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Court overturns California's ban on assault weapons, calls it unconstitutional

A federal judge on Friday overturned California's more than 30-year-old ban on assault weapons, ruling it unconstitutional.

The state of play: U.S. District Judge Roger Benitez said that AR-15 rifles are like Swiss Army knives, calling them a "perfect combination of home defense weapon and homeland defense equipment." California's definition of illegal, military-style firearms unlawfully robs law-abiding residents of weapons widely available in most other states and by the U.S. Supreme Court, the judge wrote.


Flashback: California prohibited the sale of assault weapons in 1989, with the state legislature concluding that an assault weapon "has such a high rate of fire and capacity for firepower that its function as a legitimate sports or recreational firearm is substantially outweighed by the danger that it can be used to kill and injure human beings."

What he's saying: "This case is not about extraordinary weapons lying at the outer limits of Second Amendment protection. The banned ‘assault weapons’ are not bazookas, howitzers, or machineguns. Those arms are dangerous and solely useful for military purposes," Benitez wrote.

"Instead, the firearms deemed 'assault weapons' are fairly ordinary, popular, modern rifles. This is an average case about average guns used in average ways for average purposes."

The other side: California Gov. Gavin Newsom (D) said the "[court's] decision is a direct threat to public safety and the lives of innocent Californians, period."

  • "[T]he fact that this judge compared the AR-15 – a weapon of war that’s used on the battlefield – to a Swiss Army Knife completely undermines the credibility of this decision and is a slap in the face to the families who’ve lost loved ones to this weapon," he added.

What to watch: Benitez said he granted a 30-day stay of the ruling at Bonta's request "during which time the Attorney General may appeal."

  • Bonta called the ruling "fundamentally flawed" and vowed to appeal it.

E3 2021: Nintendo and Ubisoft team up again with Switch sequel “Mario + Rabbids Sparks of Hope"

Two of gaming’s biggest companies are creating a game together for the third time in five years with a Switch sequel, “Mario + Rabbids Sparks of Hope.”

Why it matters: Nintendo rarely lets other companies work with its characters, making its continued partnerships with Ubisoft a rare sign of trust.

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In photos: Harris shows up at Pride parade in downtown D.C.

Vice President Kamala Harris dropped in at the Capitol Pride Walk And Rally in Washington, D.C., on Saturday.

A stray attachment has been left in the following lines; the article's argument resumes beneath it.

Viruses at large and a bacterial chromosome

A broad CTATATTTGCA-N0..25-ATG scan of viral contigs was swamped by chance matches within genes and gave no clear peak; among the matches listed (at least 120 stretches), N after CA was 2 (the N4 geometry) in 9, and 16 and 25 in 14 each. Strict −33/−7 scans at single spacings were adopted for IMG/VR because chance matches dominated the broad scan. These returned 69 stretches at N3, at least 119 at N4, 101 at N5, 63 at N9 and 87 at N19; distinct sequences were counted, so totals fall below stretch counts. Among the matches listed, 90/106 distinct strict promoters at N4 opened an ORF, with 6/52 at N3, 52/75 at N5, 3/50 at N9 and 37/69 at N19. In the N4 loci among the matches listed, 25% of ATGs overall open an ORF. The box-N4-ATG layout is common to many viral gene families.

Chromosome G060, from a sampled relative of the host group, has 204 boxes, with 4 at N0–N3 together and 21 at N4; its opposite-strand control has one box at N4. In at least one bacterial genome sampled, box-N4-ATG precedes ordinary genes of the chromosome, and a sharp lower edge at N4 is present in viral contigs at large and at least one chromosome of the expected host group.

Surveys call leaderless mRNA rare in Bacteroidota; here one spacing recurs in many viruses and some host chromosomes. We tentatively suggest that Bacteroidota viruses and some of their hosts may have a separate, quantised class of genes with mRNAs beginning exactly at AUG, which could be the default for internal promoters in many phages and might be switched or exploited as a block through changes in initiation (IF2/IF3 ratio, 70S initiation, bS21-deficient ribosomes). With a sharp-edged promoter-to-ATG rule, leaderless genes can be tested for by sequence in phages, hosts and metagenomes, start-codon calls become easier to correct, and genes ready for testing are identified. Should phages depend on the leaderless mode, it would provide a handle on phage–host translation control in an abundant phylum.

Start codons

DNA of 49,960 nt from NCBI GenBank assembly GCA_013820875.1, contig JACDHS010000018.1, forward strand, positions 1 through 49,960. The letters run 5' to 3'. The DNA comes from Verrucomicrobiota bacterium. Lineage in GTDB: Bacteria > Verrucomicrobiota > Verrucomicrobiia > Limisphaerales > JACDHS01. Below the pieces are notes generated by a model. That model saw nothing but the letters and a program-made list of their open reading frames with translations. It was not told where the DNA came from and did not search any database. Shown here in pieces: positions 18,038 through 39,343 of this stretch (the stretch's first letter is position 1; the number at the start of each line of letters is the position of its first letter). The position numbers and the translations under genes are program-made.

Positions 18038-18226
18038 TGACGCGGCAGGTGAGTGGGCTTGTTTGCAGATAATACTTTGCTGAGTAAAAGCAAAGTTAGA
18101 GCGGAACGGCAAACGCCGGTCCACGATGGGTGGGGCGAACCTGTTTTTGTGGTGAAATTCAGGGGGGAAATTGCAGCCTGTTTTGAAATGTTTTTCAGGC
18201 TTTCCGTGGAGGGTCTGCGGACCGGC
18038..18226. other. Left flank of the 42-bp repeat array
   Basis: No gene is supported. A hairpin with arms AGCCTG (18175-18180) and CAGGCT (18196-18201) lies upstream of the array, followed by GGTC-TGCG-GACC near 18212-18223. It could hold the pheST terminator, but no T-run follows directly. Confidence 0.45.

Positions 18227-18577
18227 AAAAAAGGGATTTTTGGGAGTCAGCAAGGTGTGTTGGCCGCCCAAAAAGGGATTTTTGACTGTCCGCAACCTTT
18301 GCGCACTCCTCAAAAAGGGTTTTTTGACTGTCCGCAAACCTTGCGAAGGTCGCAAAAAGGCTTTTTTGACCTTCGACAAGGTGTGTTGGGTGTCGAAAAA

The state of play: Harris and second gentleman, Doug Emhoff, joined the crowd, who welcomed them with cheers, according to press reports.

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A "new industrial revolution" presses the reset button on work

The endgame of the pandemic is giving both employers and workers a chance to create a more humane relationship — both in the office and out of it.

The big picture: Companies need workers, but many employees aren't ready to go back to the way things used to be. A hybrid setup could provide the best possible way forward, if both sides are willing to give.

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Blue Origin auctions off a trip to the edge of space for $28 million

A seat aboard Blue Origin’s first crewed flight to suborbital space fetched $28 million during a live auction on Saturday.

Why it matters: While the market for suborbital tourist flights to space may not be huge, experts say it's an important, public-facing part of the space industry that could popularize it as more people start flying.

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Macron at G7: "It's great to have the U.S. president part of the club"

U.S. President Biden and his French counterpart Emmanuel Macron were all smiles and handshakes during their first formal, in-person meeting on Saturday, with Macron telling pool reporters "it's great to have the U.S. president part of the club."

Why it matters: Biden has made rebuilding the United States' global leadership central to his foreign policy, frequently touting, "America is back."

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More than dozen injured in downtown Austin shooting

A shooting in a busy part of downtown Austin, Texas, early Saturday injured at least 13 people, including two who are in critical condition.

The state of play: Gunfire erupted around 1:30 a.m. along 6th Street, a popular area with bars and restaurants. The suspected shooter remains at large, Austin police said. "It is unknown if there is one, or multiple suspects involved," they noted, adding the shooting appears to be an isolated incident.

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Biden to urge G7 to take unified approach to countering China

President Biden on Saturday is expected to urge fellow G7 leaders to adopt a unified approach to countering China's rising global influence, AP reports.

Driving the news: The G7 leaders are set to unveil a multi-billion-dollar global infrastructure plan aimed at rivaling Beijing's efforts in the developing world.

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